The best way is the hardest; to forget all this and start from the beginning as if there had never been anything on the subject written before.
I must keep always in mind that you are assumed to know nothing whatever about Yoga and Magick, or anything else beyond what the average educated person may be assumed to have been taught.
What is the problem? There are two.
β: To train the mind to move with the maximum speed and energy, with the utmost possible accuracy in the chosen direction, and with the minimum of disturbance or friction. That is Magick.
α: To stop the mind altogether. That is Yoga.
The rules, strangely enough, are identical in both cases; at least, until your “Magick” is perfect; Yoga merely goes on a step further. In Beta you have reduced all movements from many to One; in Alpha you reduce that One to Zero.
If it’s a chilled hippy hideout with a spiritual air and myriad magical charms you’re looking for, then Varkala in the Kerela region of Southern India might just be your dream destination.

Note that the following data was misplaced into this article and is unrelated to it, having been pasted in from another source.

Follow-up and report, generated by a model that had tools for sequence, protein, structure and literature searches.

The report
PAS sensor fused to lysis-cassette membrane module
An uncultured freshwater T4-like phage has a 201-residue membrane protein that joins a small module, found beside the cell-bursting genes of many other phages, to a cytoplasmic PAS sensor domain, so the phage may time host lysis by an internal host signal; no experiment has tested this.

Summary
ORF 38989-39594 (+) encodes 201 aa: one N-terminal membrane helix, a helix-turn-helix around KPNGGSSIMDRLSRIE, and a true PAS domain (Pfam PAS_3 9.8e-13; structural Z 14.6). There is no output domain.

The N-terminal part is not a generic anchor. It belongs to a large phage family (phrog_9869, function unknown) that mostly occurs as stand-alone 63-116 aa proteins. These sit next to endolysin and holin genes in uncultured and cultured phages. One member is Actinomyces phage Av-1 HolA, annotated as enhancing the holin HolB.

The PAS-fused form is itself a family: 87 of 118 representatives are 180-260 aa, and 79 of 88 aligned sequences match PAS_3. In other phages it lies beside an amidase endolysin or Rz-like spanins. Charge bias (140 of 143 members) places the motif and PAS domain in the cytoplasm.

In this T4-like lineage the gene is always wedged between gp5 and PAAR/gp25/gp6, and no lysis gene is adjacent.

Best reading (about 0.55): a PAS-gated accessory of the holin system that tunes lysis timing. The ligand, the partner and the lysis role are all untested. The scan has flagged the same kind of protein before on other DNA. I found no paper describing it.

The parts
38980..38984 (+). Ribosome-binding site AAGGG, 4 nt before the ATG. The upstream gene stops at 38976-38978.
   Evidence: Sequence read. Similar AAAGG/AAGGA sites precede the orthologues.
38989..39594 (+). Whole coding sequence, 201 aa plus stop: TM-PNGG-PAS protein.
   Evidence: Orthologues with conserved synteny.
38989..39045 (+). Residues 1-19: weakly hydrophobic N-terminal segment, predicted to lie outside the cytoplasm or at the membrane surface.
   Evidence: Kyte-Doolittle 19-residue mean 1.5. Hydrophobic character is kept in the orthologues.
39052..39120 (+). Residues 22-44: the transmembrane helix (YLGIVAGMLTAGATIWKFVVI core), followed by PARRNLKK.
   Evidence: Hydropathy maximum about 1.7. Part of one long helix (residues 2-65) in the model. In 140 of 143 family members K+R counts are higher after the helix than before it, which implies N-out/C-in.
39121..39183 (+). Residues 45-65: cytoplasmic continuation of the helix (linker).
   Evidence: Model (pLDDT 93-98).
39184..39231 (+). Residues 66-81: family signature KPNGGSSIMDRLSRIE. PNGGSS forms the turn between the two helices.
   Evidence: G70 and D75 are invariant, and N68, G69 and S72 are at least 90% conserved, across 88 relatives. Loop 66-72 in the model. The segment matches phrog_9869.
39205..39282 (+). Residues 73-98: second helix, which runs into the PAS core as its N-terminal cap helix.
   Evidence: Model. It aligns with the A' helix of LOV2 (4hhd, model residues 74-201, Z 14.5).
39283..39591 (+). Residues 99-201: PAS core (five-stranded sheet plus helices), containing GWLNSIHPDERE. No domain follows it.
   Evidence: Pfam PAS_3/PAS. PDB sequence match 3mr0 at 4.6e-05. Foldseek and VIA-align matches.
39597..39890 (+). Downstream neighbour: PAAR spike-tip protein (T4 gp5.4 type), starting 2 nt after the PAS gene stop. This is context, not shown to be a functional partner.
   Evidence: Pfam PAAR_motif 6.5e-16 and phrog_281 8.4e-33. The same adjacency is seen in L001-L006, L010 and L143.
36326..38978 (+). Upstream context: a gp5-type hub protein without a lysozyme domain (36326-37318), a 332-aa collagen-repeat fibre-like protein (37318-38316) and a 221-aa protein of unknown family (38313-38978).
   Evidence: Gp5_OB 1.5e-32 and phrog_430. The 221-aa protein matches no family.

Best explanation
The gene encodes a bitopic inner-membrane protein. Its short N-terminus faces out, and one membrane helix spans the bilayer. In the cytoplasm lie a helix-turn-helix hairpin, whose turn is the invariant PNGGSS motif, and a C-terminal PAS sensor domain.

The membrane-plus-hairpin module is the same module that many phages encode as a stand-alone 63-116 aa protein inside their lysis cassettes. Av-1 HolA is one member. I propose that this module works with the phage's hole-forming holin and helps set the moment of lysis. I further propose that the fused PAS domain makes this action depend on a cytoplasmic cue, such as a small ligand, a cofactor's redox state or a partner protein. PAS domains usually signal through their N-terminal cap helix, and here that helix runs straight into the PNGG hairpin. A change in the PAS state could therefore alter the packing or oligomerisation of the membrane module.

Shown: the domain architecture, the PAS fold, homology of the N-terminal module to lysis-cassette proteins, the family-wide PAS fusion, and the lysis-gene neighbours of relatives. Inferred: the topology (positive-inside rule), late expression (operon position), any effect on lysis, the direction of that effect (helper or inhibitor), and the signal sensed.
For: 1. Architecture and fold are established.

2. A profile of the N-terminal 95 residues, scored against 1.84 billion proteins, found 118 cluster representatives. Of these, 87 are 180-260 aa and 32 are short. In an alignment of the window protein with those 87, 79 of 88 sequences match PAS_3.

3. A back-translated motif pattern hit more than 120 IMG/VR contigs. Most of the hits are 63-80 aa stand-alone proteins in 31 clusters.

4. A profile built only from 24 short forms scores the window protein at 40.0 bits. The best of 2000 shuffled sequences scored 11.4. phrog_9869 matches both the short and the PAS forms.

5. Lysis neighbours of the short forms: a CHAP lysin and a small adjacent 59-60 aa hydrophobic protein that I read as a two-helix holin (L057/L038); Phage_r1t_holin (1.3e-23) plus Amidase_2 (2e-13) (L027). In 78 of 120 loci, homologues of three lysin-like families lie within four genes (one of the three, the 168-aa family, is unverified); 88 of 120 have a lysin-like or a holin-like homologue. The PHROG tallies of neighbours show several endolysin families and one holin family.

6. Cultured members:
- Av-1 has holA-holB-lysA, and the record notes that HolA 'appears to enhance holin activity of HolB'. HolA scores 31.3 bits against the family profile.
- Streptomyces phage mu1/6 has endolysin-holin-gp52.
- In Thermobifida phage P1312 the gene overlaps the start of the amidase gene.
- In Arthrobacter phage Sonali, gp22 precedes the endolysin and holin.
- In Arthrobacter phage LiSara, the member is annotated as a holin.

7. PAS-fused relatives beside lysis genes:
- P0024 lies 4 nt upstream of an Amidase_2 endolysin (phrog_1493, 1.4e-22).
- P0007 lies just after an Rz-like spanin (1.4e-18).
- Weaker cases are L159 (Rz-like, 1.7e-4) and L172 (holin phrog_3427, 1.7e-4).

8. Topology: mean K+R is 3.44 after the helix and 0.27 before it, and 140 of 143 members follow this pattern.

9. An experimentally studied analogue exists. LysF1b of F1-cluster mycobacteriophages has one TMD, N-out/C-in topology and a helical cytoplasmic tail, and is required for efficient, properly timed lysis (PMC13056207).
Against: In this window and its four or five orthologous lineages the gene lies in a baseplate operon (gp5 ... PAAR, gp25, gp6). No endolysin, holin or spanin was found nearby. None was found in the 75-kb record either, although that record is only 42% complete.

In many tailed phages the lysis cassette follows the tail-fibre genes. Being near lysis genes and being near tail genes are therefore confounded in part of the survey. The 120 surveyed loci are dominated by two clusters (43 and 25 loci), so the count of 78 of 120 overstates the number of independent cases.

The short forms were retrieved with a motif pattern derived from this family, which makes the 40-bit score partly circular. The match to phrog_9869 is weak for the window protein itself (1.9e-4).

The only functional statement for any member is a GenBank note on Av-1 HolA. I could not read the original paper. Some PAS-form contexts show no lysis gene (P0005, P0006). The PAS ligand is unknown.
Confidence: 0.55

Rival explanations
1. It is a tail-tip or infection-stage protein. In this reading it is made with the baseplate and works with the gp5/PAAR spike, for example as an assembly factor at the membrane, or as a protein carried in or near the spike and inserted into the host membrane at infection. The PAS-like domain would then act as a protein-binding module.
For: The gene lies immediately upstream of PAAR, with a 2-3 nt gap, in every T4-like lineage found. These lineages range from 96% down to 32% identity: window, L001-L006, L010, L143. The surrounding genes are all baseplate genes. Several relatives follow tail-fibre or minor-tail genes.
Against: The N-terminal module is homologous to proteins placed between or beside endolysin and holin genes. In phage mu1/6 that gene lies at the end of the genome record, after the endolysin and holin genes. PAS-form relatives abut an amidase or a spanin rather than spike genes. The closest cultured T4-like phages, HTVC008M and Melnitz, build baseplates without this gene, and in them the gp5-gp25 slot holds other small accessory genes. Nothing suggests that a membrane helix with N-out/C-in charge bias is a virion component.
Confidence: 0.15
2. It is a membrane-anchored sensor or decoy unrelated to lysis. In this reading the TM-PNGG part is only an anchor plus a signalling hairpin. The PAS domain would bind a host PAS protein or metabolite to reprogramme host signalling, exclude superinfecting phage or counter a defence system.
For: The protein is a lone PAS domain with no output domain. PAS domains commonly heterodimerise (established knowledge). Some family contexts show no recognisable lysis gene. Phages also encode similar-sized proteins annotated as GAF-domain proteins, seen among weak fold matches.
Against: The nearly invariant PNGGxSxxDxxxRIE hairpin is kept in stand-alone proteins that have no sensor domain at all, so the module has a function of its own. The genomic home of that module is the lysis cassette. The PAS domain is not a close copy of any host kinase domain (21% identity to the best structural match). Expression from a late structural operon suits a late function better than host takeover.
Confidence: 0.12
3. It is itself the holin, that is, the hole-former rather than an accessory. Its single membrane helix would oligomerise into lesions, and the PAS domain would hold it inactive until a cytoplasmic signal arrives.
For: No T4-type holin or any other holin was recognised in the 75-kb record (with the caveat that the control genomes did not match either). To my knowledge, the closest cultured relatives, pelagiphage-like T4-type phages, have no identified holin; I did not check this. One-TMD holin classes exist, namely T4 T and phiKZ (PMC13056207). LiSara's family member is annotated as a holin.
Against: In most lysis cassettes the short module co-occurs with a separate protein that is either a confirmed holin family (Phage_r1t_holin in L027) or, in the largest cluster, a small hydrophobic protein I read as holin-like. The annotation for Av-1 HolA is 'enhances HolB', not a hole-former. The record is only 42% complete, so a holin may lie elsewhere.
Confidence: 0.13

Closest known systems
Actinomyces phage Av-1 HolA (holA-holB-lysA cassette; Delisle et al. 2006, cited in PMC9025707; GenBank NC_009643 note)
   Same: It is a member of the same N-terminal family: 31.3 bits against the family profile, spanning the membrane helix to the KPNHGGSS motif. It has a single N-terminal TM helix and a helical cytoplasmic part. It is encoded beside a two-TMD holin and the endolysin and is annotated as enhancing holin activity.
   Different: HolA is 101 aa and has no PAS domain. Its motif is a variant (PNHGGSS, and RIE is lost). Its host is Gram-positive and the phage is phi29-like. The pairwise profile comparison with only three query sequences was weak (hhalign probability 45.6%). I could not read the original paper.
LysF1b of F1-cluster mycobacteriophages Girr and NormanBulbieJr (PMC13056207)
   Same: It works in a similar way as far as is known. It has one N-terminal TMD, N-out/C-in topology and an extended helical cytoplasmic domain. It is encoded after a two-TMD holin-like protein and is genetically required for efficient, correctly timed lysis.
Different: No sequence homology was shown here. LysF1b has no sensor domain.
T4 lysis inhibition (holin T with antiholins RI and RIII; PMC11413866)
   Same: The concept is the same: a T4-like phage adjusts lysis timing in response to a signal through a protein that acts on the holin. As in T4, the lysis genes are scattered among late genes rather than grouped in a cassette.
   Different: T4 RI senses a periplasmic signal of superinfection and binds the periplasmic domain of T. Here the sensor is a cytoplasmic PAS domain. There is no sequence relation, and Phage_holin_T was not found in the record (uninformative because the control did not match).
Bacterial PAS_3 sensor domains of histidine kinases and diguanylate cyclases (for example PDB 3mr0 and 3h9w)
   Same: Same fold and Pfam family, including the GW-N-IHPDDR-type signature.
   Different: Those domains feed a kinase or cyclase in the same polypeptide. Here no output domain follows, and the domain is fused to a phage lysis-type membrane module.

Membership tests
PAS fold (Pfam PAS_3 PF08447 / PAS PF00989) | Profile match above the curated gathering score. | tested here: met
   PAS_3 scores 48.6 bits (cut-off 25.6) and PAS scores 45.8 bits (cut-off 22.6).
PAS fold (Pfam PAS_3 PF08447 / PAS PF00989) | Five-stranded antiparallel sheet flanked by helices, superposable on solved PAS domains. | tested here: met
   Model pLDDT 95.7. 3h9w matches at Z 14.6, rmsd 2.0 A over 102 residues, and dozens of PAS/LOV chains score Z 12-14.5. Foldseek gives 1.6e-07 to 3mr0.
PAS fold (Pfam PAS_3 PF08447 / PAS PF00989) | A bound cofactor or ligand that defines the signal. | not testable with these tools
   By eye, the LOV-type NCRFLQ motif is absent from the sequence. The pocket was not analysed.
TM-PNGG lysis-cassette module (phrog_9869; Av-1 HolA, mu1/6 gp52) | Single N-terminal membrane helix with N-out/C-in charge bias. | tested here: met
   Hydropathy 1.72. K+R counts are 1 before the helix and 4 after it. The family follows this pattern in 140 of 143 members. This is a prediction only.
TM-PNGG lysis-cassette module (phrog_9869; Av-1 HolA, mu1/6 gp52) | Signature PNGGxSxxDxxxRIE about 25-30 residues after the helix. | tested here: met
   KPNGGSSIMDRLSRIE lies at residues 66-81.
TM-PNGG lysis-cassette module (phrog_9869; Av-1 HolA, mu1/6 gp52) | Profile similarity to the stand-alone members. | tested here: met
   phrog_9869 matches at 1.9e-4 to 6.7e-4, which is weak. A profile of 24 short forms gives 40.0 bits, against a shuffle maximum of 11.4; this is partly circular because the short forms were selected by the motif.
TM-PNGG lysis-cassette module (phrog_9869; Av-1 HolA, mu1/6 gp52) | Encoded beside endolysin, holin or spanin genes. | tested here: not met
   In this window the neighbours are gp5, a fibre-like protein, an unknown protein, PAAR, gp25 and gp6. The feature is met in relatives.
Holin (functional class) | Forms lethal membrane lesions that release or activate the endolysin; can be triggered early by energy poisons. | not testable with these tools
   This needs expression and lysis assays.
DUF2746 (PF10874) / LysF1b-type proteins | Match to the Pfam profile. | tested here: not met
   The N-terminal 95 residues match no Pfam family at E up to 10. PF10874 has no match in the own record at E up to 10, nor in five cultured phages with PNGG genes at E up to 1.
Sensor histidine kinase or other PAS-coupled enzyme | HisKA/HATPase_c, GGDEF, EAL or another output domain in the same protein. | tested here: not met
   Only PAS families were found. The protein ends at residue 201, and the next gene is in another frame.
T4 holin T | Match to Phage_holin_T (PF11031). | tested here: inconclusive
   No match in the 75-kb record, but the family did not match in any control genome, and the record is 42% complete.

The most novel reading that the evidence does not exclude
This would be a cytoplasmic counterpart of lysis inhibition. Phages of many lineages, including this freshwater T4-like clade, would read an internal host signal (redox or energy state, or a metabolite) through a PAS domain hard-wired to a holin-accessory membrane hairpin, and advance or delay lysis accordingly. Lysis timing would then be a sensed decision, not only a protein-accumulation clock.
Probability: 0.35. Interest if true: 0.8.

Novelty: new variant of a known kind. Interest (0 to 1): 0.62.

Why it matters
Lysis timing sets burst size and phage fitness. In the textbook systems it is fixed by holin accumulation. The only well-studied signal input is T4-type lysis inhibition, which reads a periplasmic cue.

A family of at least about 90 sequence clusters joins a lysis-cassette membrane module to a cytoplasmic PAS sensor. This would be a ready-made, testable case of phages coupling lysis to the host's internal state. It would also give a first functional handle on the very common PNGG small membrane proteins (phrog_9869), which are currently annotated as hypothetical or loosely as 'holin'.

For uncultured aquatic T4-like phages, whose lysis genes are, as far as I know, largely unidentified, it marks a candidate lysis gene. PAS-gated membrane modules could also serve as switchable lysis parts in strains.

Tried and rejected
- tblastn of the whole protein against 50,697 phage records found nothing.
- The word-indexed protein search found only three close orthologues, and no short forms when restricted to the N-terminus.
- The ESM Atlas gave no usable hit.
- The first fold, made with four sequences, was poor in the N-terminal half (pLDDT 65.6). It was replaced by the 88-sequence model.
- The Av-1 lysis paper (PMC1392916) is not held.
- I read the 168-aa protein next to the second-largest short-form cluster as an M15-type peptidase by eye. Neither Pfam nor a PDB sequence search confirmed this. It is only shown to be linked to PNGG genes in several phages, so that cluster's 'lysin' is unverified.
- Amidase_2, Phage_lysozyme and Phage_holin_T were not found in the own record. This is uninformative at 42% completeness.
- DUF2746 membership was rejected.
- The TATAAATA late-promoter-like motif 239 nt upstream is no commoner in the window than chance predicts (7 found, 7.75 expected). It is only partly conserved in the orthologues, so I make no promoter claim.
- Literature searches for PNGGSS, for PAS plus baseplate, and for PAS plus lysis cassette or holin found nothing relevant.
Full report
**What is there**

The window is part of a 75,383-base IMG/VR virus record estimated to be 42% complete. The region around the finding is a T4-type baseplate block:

I returned to this lush subcontinental paradise in late March, just before the rainy season, when the weather is at it’s most sultry and the region’s vibrant religious festivals are at the peak of their cycle.
First I spent a week at the delightfully eccentric (and at the time rather haunted) guesthouse, Davina Lagoona, which specialised in ayurvedic meals and massages in an animal-themed boutique at the edge of the Kerelan backwaters. After five days of green tea, delicious vegan dishes and early morning yoga in the sweltering heat, my wintery pastiness had made way for a light, sub-tropical glow.
For my next stop it was a choice between heading for the hills to a full-time yoga retreat and monastic regime, presumably with the goal of some form of enlightenment and/or levitation, or pack up and go to the beach at Varkala. As you’ll see from the picture postcard shot taken from my favourite cliff-top cafe, Varkala won hands down.